Shopping mall fire: When will we ever learn?

In Photo: A fire strikes the New City Commercial Center shopping mall in Davao City on December 23, 2017, and caused the death of the mall-safety officer and 37 employees of a United States call-center facility.


DAVAO CITY—Identifying the bodies of the ill-fated victims of the December 23 NCCC mall fire would be tedious and difficult.

Authorities said the victims were likely felled by the poisonous smoke, and the heat that followed shortly had charred their bodies later.

The remains of Melvin Gaa, the lone non-RN SSI employee, was identified by his wife Rosela four days after the fire.

The NCCC Mall management confirmed the death of Gaa, one of its employees. Gaa was the mall-safety officer who had brought SSI employees to safety, according to Mall Spokesman Thea Padua.

But the search was not yet over even after personnel of the Bureau of Fire Protection (BFP) found the scattered, charred remains of 36 individuals. The search was launched anew for a final name that surfaced: that of Alexandra Moreno-Castillo.

Moreno-Castillo, a quality-assurance supervisor at the American firm Research Now Survey Sampling International (RN SSI), was also reported as among those who helped fellow employees escape the fire.

Fire Senior Supt. Jerry Candido, spokesman of the Inter-Agency Anti-Arson Task Force, later said her body was recovered on January 4, already 12 days after the fire. In a somber tone, Candido explained that the remains of Moreno-Castillo was found stuck at the crevice of the charred floors of the RN SSI office at the fourth floor of the NCCC Mall.

Found near the remains was a Volkswagen Beetle steel keychain, a passport inside the folds of a burnt purse and the frame of a pair of eyeglasses. Moreno-Castillo’s family said these items were hers.

Accounting time

CANDIDO said the continuing probe at the NCCC Mall would now shift to gathering more evidence of guilt and identifying the guilty.

Only a week after the incident, the probe body composed of the national offices of the BFP, the National Bureau of Investigation and other national agencies, took over the investigation from the local BFP and ordered the relief of five BFP officers from their post.

They were: Fire Supt. Honey Fritz Alagano, Davao district fire marshal; Fire Insp. Renero Jimenez, Talomo fire station commander; Senior Fire Officer 1 Leo Lauzon, fire safety inspector who inspected the mall’s call center; Fire Officer 2 Joel Quizmundo, fire-safety inspector of the NCCC Mall; and, Sr. Fire Officer 1 Roger Dumag, chief of the fire-safety enforcement section.

The Inter-Agency Anti-Arson Task Force found violations of fire safety and yet the NCCC Mall and the RN SSI were still given the Fire Safety Inspection Certificate (FSIC).

For instance, Candido was quoted in a local newspaper that Quizmondo, who inspected the NCCC Mall last  April, only recommended the establishment conduct fire- safety drills after his inspection report. Candido added the report did not include the apparent violations they saw and the fire rating of the NCCC Mall.

Altered system

AFTER inspection, the violations should have been included in the report and to let these be acknowledged by the person responsible: the administrator, the manager or owner of the building, Candido said.

He added that the NCCC Mall had several other violations like failing to prove it is smoke-proof and heat-proof. Both are required by the Fire Code of the Philippines.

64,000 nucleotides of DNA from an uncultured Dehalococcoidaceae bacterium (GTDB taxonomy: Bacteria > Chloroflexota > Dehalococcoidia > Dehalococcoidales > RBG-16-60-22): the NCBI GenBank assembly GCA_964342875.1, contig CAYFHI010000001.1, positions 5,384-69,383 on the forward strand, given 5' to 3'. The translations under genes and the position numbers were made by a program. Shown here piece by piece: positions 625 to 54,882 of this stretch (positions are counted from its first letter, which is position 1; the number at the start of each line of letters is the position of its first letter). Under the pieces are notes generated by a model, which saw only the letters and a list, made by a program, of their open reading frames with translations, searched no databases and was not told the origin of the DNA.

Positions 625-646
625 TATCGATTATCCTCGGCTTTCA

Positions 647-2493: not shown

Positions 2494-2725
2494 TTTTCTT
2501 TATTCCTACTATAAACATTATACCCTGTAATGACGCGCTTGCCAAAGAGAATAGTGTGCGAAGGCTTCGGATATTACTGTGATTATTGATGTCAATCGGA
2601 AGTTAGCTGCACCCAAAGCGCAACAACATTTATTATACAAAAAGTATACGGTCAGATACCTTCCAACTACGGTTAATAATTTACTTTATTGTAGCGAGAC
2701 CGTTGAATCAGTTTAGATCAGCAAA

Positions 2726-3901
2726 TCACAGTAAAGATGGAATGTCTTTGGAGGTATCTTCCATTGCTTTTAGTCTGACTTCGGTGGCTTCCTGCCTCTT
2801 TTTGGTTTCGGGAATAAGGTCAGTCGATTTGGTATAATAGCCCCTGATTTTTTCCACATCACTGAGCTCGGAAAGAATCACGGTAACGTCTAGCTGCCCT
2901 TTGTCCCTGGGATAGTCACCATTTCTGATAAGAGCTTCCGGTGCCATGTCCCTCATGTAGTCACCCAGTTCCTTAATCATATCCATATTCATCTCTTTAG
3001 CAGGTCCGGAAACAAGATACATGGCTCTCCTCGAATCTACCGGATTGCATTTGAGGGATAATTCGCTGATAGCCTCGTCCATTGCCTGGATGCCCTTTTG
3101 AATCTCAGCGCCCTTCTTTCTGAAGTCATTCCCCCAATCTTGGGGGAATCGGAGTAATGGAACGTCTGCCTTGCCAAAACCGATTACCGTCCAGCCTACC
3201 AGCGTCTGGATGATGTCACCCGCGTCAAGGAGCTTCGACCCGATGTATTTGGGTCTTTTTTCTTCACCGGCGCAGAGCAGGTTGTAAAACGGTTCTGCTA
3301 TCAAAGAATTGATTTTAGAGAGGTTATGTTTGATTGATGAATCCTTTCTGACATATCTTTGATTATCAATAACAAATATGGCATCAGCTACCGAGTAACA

He said the sprinkler and alarm systems were neither functioning, with the mall’s third-floor sprinkler system found with no sprinkler head.

“Because it was altered, the system did not work during the fire that started at the third floor,” Candido said.

The alarm system was also defective, with the NCCC Mall system not connected with that of the RN SSI alarm system so that when a fire breaks out inside the mall, the RN SSI would not know it, and also the other way around, he added.

“The alarm system of the mall is ordinarily designed as automatic, but did not function at the time of fire,” Candido said. “Sprinklers did not function, [they were] altered because the valve system has been closed.”

Candido added the cause of the fire was “electrical short circuit” and traced to the ceiling of the third floor. When they examined the electrical wiring system, he said the “way the contractor installed the wires, there were nails and bolts near the wires and we believe it caused the short circuit” when the insulation wore off.

Finger pointing

A senior police officer who requested anonymity said he believes the loss of lives could have been prevented or lessened had there been “a quick thinking, brave and no-nonsense ground commander” on site.

He added he based this view on the comments of people and rubberneckers outside the mall. The police said if the comments were true, “that firemen outside lingered for several hours, point to the lack of a critical leader commanding his men.”

“He could have asserted his command against the wishes of the mall owners or managers, and he should have ordered critical resources to be brought in, or to force damage to the building to build ventilation,” the police officer added. “He could even ram the fire trucks through vehicles that obstruct the way, citing emergency nature, and to face court cases later, knowing that the city government would stand by him and his decision that time.”

Meanwhile, the Business Process Outsourcing Employees Network has appealed to investigators to ensure an unbiased report.

They said previous incidents have pointed to establishments were still allowed to operate, despite having been found to have violated fire-safety standards.

The city government has kept its distance from the investigation.

Image credits: commons.wikimediaorg


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